Thanks to a close alliance between the Russian Orthodox Church and the Kremlin, religion has proved a particularly powerful tool in former Soviet lands like Moldova, where senior priests loyal to the Moscow church hierarchy have campaigned tirelessly to block their country’s integration with the West.
Nicholas, to the Moscow Patriarchate, which installed its own priests and rallied the faithful behind projects to warm France’s frosty relations with Russia.
For me, Russia is the guardian of Christian values,” the bishop said in an interview in a high-ceiling office decorated with a half-dozen portraits of past and current Russian patriarchs and a single picture of Moldova’s own senior priest, Metropolitan Vladimir of Chisinau.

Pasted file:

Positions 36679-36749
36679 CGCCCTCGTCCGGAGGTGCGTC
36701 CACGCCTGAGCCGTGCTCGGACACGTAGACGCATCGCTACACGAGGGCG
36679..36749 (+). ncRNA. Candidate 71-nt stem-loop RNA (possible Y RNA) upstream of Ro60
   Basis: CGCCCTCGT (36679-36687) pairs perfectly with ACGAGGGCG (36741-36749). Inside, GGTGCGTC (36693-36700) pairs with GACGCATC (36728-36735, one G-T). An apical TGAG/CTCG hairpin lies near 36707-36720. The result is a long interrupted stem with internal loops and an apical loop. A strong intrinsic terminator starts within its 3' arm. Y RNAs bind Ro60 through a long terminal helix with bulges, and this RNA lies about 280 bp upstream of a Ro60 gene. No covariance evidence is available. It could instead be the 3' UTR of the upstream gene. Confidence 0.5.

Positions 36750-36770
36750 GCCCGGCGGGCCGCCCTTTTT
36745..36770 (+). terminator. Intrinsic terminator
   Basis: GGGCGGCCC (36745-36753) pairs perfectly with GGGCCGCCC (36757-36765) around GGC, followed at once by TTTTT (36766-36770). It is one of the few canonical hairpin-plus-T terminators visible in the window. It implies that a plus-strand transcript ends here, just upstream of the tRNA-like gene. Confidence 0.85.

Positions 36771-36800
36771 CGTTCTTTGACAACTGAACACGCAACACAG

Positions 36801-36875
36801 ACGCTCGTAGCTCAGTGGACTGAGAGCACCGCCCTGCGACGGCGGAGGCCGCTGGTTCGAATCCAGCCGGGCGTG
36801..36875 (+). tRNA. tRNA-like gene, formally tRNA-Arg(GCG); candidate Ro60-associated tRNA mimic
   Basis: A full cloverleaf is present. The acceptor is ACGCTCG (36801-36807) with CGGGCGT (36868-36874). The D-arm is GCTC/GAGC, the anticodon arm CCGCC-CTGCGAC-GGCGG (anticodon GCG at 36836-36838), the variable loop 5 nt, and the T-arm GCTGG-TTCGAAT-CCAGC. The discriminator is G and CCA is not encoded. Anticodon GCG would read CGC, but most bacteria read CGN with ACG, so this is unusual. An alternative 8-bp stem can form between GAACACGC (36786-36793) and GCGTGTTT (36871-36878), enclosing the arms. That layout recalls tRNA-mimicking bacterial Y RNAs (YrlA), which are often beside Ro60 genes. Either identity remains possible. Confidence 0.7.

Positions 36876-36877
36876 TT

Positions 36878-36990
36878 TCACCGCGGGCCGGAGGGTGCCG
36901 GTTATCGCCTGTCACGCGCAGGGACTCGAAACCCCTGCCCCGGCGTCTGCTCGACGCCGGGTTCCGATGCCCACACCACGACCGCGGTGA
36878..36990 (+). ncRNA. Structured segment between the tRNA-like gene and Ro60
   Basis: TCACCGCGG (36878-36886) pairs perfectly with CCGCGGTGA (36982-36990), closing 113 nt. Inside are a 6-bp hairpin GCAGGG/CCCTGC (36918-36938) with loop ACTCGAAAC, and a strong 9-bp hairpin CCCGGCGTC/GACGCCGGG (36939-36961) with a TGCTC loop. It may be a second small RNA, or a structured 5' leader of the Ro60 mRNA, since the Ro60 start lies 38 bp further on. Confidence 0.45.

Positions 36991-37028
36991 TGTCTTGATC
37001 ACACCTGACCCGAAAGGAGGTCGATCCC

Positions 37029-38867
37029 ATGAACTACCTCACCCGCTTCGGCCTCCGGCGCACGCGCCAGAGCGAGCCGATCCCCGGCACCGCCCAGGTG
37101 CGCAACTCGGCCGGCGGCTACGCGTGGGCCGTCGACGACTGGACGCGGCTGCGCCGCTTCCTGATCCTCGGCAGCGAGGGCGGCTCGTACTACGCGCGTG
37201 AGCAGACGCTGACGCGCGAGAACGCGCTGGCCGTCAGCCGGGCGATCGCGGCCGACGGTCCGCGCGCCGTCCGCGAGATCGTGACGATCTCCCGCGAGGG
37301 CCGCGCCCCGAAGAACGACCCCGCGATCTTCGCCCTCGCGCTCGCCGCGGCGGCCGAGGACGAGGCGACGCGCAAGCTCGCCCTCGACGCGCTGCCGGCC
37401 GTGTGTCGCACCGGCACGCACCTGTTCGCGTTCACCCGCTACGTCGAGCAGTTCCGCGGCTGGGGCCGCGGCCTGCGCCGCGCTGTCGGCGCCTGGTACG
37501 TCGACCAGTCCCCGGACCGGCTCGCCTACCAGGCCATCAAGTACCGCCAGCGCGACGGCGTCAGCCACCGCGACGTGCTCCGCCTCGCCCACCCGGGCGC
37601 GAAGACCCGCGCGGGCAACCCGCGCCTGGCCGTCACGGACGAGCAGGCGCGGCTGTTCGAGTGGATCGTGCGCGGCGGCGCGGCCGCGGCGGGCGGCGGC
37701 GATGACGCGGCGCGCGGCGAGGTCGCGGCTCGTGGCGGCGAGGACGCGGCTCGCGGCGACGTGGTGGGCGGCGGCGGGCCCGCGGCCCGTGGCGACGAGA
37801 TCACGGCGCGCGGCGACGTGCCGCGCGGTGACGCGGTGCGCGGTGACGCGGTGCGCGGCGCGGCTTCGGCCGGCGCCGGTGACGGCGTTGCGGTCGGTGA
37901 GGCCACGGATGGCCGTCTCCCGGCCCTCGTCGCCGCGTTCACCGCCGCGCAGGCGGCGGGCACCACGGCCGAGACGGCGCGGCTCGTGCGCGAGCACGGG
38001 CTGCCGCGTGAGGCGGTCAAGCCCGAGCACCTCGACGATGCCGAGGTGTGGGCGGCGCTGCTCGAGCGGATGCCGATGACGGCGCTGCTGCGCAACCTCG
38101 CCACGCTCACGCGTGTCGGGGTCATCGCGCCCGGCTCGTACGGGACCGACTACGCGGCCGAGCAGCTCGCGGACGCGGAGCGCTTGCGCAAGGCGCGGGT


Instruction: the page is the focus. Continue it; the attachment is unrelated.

Moscow has been looking for an imposing church in Paris ever since the city’s principal Orthodox site, the Alexander Nevsky Cathedral, broke with the Russian church hierarchy after 1917 and transferred its allegiance to Constantinople.
Putin the quest to recover church property has resumed with vigor — in tandem with a drive to reach out to far right political forces in Europe seduced by the idea of Russia as a bastion of conservative social and cultural values.